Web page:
It was hot in my room, even though my hotel was on the edge of Zürich, just a stone’s throw from the tree-lined park at Lindenhof – and, naturally, I couldn’t sleep. A lifelong insomniac, I have lain awake in all kinds of places, but there is no worse combination, for me, than sleeplessness and a free minibar crammed with potato snacks, wine and extravagant quantities of Swiss chocolate.
Now, I was sitting in the corner, as far from temptation as I could manage, with the window wide open. Across the street, behind a stone wall, a row of trees stood eerily still and windless – and, till around 3am, quite silent. Then, suddenly, a bird began to sing. It might have been due to my insomniac state, but it seemed that I had never heard birdsong so inventive, so musical. I had been praying for a distraction; instead, I got a concert. That nightingale sang almost constantly for the next three hours and when it left off I fell asleep in my chair.
It is one of the tragedies of industrialised life that we forget what the other animals mean to us. We see conservation as a principle – something that ought to be done, like putting archaeological finds in a museum, or hanging Old Masters in national galleries – but we take little account of what the other animals do for the human spirit, whether individually or communally. This applies not just to birds but to every living thing, from polar bears to hawk moths.
We know (and do little) about the melting of the Arctic ice, but in Britain the number of flying insects has dropped by almost 60 per cent since 2004, which is one (though only one) reason why our bird populations are also in dramatic decline. By now, it seems that the time is fast approaching when a sleepless hotel guest can no longer hope for the solace of a random nightingale. The deadly hush that Rachel Carson predicted in her 1962 environmental classic Silent Spring will be upon us.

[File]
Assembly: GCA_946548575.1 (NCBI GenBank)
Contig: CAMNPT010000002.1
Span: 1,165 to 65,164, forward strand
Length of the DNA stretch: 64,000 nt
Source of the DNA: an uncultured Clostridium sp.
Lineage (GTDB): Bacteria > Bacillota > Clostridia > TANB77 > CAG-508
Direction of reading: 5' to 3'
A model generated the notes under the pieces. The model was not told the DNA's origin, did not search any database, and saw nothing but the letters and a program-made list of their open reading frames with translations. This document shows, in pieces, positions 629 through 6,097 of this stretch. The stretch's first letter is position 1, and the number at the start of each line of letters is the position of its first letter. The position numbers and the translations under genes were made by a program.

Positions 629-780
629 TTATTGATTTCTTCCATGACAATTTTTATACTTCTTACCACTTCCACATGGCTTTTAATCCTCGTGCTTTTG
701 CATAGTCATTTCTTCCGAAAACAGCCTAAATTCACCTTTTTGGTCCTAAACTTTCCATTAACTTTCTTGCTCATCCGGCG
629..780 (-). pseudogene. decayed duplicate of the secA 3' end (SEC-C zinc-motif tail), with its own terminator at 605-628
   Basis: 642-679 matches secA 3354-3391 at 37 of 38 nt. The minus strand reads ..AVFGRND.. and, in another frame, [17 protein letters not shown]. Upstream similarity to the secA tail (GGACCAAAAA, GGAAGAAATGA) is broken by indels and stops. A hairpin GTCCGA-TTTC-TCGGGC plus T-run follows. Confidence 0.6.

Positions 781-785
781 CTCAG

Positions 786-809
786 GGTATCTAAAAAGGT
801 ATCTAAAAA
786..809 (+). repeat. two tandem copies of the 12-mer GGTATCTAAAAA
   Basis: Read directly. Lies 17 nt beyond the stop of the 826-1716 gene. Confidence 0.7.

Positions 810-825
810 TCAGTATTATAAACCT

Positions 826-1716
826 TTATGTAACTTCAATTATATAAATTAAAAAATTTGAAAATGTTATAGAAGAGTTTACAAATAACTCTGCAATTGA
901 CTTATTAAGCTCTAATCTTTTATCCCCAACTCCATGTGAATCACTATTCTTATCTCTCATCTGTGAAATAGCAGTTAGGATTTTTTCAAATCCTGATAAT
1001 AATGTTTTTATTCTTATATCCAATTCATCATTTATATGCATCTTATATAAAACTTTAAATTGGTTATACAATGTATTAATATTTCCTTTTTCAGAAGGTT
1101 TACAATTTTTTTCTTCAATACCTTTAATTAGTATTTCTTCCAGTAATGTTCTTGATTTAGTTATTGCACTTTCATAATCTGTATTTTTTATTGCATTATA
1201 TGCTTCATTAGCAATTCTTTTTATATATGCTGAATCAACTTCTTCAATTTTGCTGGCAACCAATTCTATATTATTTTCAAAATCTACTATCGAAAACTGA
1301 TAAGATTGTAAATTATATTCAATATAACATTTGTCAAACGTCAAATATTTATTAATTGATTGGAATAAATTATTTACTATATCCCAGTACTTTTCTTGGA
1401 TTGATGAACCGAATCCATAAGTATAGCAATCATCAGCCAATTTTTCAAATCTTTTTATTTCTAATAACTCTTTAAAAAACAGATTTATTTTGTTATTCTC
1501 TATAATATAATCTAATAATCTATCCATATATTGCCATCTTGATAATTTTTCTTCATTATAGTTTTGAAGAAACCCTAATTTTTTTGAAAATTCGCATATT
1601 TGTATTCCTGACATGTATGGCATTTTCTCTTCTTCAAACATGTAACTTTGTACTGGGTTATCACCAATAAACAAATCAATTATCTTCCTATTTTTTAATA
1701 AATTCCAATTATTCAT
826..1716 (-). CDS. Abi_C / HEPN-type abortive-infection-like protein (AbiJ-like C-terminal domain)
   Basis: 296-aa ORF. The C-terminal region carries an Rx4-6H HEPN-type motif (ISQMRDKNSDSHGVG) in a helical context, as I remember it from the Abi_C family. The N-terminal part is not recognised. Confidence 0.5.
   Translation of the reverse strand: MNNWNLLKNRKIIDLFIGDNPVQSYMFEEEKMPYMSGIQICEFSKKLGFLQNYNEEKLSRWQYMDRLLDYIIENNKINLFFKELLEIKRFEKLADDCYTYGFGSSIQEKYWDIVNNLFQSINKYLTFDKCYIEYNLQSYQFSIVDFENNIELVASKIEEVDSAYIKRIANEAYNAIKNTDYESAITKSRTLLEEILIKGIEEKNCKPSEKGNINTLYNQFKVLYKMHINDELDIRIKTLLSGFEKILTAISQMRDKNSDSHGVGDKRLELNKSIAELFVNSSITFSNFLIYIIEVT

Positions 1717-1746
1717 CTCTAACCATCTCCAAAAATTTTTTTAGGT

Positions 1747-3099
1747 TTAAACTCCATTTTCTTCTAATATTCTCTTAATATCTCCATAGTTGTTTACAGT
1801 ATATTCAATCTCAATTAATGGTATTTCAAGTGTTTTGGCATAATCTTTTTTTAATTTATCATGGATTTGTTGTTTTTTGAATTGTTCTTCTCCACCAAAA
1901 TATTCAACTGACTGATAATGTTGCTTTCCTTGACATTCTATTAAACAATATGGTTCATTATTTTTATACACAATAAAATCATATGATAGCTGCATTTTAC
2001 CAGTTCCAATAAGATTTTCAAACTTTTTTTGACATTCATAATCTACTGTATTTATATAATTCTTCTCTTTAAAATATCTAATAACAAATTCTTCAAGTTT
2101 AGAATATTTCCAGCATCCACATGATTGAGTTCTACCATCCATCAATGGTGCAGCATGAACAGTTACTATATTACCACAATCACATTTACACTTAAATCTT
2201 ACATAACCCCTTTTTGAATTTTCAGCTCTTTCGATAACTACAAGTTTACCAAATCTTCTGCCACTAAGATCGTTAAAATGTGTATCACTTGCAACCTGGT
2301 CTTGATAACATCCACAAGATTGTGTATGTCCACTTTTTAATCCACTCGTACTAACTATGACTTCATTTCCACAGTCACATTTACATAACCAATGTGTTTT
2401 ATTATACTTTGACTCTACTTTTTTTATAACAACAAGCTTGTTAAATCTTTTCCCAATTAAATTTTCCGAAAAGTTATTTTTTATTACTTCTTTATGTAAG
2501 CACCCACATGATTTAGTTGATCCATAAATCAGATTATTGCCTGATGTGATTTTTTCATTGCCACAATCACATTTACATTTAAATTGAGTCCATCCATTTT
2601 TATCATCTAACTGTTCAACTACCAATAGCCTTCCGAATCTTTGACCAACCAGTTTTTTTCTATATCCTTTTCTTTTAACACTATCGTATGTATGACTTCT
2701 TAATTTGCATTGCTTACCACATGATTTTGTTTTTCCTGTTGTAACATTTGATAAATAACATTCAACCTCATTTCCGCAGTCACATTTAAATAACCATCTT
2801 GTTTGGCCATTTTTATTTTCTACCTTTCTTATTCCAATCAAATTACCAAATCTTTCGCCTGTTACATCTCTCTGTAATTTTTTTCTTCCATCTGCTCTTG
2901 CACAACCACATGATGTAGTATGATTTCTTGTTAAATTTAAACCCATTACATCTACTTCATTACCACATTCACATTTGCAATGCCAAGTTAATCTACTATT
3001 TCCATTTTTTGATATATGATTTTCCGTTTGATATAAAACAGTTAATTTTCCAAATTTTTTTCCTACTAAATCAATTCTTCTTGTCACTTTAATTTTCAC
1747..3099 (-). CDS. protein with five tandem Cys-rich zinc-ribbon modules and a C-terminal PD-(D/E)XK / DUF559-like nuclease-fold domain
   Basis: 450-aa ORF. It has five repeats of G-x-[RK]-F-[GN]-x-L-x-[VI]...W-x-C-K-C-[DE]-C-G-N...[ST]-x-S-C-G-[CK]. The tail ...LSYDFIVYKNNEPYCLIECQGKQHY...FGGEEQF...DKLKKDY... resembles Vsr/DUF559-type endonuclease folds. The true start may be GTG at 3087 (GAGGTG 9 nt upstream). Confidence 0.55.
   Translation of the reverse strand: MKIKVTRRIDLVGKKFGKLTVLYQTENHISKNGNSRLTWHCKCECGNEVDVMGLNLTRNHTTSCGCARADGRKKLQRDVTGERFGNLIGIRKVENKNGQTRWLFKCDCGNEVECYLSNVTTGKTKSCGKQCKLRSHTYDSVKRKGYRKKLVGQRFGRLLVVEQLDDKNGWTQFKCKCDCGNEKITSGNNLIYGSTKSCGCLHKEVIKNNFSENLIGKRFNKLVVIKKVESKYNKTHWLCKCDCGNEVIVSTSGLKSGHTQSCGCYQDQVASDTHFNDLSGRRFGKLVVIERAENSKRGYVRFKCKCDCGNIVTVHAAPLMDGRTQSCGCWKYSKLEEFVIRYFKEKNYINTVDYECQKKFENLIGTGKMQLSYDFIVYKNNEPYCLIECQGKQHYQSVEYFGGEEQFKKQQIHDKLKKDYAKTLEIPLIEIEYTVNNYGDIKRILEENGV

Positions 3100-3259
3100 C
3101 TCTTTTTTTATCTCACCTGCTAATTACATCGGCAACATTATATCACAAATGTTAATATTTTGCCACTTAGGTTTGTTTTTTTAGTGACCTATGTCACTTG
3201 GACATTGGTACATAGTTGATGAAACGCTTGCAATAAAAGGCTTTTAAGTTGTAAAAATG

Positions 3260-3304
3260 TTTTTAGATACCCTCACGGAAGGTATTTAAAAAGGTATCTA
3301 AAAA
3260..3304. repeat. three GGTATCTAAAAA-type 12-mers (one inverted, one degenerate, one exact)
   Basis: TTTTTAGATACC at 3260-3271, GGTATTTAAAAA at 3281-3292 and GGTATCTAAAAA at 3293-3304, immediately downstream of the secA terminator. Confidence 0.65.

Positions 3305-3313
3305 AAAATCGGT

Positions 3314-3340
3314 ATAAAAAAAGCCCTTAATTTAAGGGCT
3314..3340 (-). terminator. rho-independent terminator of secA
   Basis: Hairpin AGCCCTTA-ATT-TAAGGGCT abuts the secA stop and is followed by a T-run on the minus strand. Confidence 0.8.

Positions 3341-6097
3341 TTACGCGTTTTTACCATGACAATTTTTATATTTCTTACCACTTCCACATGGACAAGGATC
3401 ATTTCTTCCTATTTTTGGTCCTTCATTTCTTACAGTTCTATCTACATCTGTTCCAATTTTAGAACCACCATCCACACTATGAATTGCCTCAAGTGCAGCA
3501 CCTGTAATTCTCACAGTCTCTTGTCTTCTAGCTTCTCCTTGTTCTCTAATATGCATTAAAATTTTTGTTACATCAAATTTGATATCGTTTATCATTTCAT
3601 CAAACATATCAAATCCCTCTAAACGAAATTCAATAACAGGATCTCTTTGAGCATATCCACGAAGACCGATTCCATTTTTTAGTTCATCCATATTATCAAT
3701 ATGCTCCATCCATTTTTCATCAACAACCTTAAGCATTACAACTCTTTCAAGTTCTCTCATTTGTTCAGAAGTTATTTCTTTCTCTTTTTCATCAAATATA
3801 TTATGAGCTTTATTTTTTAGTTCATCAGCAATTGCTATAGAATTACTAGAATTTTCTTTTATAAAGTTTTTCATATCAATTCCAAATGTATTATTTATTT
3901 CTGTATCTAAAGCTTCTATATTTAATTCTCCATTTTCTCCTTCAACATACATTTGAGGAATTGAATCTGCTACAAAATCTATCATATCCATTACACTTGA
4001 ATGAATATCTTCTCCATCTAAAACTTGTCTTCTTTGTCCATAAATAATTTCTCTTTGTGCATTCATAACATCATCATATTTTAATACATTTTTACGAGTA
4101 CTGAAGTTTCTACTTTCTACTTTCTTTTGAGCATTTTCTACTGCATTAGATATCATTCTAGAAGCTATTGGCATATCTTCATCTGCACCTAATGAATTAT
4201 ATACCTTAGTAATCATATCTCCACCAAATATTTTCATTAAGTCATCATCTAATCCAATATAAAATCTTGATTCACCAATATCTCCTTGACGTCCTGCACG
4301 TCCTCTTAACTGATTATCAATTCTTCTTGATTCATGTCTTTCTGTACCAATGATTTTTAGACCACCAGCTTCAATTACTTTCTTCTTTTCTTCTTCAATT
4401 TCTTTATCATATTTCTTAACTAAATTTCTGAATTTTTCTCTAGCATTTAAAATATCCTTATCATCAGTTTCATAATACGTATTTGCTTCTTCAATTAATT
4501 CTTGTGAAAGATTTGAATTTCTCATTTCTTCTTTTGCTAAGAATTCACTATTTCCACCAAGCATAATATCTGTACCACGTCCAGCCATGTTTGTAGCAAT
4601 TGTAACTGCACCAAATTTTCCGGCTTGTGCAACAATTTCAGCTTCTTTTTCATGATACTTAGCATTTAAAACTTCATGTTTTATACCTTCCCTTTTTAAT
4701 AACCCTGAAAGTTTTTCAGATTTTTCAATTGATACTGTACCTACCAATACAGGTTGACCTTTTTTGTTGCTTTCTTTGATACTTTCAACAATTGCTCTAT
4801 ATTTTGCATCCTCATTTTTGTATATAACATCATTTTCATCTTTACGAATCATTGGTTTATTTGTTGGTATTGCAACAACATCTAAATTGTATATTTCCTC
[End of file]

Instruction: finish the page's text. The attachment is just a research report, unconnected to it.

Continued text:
What brings all this to mind is a compelling new book by Patrick Galbraith, In Search of One Last Song: Britain’s Disappearing Birds and the People Trying to Save Them, in which, as the title suggests, the author travels around these islands to meet people who are involved, in any number of ways, with safeguarding and conserving birds. It is a book filled with beautiful moments, amazing and sometimes rather surprising characters, and, if we could only learn from them, reasons for hope.
Galbraith’s book foregrounds the knowledge and wisdom of ordinary people: ex-soldiers and schoolmasters, fishermen, and even retired gamekeepers, who know all too well how our present dilemma has come to pass and have practical, constructive ideas about how to reverse the tide. It is a treasury of a book, because these are the people we should be listening to, not the politicians, landowners, energy companies, and for-hire “experts” whose funding is rarely as transparent as it ought to be.
We have lived with Carson’s threat of a silent spring for 60 years now and, for the most part, the threat has always been downplayed – a situation reminiscent of Benjamin Franklin’s complaint, in 1786, about how casually the dangers of lead poisoning had been ignored, in spite of over half a century’s worth of incriminatory data about its effects. “You will see by it, that the opinion of this mischievous effort from lead is at least above 60 years old,” he wrote to the radical politician Benjamin Vaughan, “and you will observe with concern how long a useful truth may be known and exist, before it is generally received and practiced on.”
Most of the reasons we are losing birds are known to us, yet the devastation continues. Why? Because our political systems heap power and favour not on the folk who have the knowledge and the will to foster abundance and diversity, but on those who have long abused, exploited and degraded the Earth.
[See also: Why access to nature is broken, not the millennials who trespass]
This article appears in the 18 May 2022 issue of the New Statesman, Putin vs Nato